Erin Leigh Durban-Albrecht, Gender & Women’s Studies, University of Arizona, for a set of related projects—including a film and her dissertation—that use Kathy Acker’s Kathy Goes to Haiti to explore racialized gender and sexuality, cultural production, and U.S.‐Haiti relations in the 20th and early 21st century.
Dr. Lauren Gutterman, Center for Gender and Sexuality Law, Columbia Law School, for a book that will examine the personal experiences and public representation of American wives who desired women, 1945 to 1979.
Monica Miller, English and Women’s & Gender Studies, Louisiana State University, for dissertation research on the use of ugly women as characters that defy the stereotype of the beautiful belle in the work of 20th century Southern women writers.
Michelle Pronovost, Fashion Institute of Technology, for research on the confrontational fashion of riot grrrls in zines from the 1990s.
Dr. Andrea Walton, Department of Educational Leadership and Policy Studies, Indiana University Bloomington, for research supporting an article and book chapter on philanthropist Eleanor Thomas Elliott.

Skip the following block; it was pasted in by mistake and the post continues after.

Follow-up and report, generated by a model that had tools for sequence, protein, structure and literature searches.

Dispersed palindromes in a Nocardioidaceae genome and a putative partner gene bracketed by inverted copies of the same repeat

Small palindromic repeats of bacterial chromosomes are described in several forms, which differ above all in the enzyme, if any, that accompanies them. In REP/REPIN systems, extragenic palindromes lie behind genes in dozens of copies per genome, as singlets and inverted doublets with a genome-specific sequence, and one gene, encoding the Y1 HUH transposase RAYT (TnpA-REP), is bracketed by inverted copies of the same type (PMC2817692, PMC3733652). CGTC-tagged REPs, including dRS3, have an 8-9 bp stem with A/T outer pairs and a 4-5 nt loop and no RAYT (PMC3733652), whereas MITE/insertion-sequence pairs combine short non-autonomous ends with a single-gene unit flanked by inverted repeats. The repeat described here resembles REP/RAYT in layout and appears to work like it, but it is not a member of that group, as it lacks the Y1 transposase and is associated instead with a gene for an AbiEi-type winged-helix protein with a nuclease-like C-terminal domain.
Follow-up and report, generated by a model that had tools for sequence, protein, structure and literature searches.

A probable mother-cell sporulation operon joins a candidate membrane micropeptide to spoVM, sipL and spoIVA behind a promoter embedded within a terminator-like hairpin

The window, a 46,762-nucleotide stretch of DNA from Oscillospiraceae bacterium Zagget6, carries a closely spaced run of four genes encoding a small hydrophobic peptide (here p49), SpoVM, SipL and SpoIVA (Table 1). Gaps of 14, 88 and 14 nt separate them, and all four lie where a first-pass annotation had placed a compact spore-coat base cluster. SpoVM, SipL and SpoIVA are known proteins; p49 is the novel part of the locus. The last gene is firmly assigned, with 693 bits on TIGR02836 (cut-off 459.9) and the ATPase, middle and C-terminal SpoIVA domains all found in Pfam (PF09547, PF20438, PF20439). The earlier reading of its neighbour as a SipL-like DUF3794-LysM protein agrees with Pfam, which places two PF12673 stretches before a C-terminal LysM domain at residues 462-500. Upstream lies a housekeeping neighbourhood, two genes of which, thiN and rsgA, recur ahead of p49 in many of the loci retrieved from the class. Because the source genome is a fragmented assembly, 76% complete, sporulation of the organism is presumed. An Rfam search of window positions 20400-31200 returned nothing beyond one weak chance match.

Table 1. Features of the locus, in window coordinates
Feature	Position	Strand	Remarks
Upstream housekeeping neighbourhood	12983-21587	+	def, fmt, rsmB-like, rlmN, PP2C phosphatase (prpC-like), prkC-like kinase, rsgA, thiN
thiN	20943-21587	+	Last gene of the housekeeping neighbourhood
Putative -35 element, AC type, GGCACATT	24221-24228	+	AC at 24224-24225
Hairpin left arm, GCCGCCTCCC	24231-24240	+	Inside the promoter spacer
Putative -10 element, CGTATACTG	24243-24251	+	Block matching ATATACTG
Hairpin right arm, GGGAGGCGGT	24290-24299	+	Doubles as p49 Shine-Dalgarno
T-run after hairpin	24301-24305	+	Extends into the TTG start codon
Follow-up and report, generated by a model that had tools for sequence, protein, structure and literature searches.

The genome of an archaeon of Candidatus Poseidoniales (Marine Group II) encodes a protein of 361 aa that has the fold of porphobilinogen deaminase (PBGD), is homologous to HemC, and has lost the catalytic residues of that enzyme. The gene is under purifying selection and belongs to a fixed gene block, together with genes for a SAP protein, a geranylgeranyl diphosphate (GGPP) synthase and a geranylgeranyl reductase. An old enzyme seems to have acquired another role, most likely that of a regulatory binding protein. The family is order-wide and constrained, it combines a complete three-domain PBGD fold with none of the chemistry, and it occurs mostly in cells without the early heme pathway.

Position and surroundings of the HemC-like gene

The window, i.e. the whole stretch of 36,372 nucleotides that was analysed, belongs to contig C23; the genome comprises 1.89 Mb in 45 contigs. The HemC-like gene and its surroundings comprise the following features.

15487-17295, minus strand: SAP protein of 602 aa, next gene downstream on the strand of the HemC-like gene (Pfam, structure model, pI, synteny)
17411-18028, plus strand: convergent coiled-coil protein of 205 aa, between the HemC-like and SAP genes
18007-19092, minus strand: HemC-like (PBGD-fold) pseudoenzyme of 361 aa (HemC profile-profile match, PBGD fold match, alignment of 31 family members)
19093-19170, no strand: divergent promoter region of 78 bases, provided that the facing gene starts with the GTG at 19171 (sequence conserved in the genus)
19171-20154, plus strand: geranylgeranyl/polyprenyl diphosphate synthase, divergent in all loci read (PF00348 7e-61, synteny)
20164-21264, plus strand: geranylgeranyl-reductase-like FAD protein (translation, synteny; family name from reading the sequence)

Kelly Weber, History, Rice University, for dissertation research related to the politics of daughterhood in the New South, 1880 to 1920.
Stacy J. Williams, Sociology, University of California, San Diego, for dissertation research on how social movements have affected feminist discourse about cooking, 1874 to 2013.
Dr. Mary Ziegler, St. Louis University, for a book about how abortion providers helped define lay understandings of the constitutional, statutory, and common law concerning abortion in the United States.
Eleanore and Harold Jantz Fellowship
The first recipient of the Eleanore and Harold Jantz Fellowship is Chunjie Zhang, Assistant Professor of German at the University of California, Davis. Dr. Zhang is a graduate of Duke (PhD 2010). Her project is “Representations of non-European cultures in the German discourse in the eighteenth century.”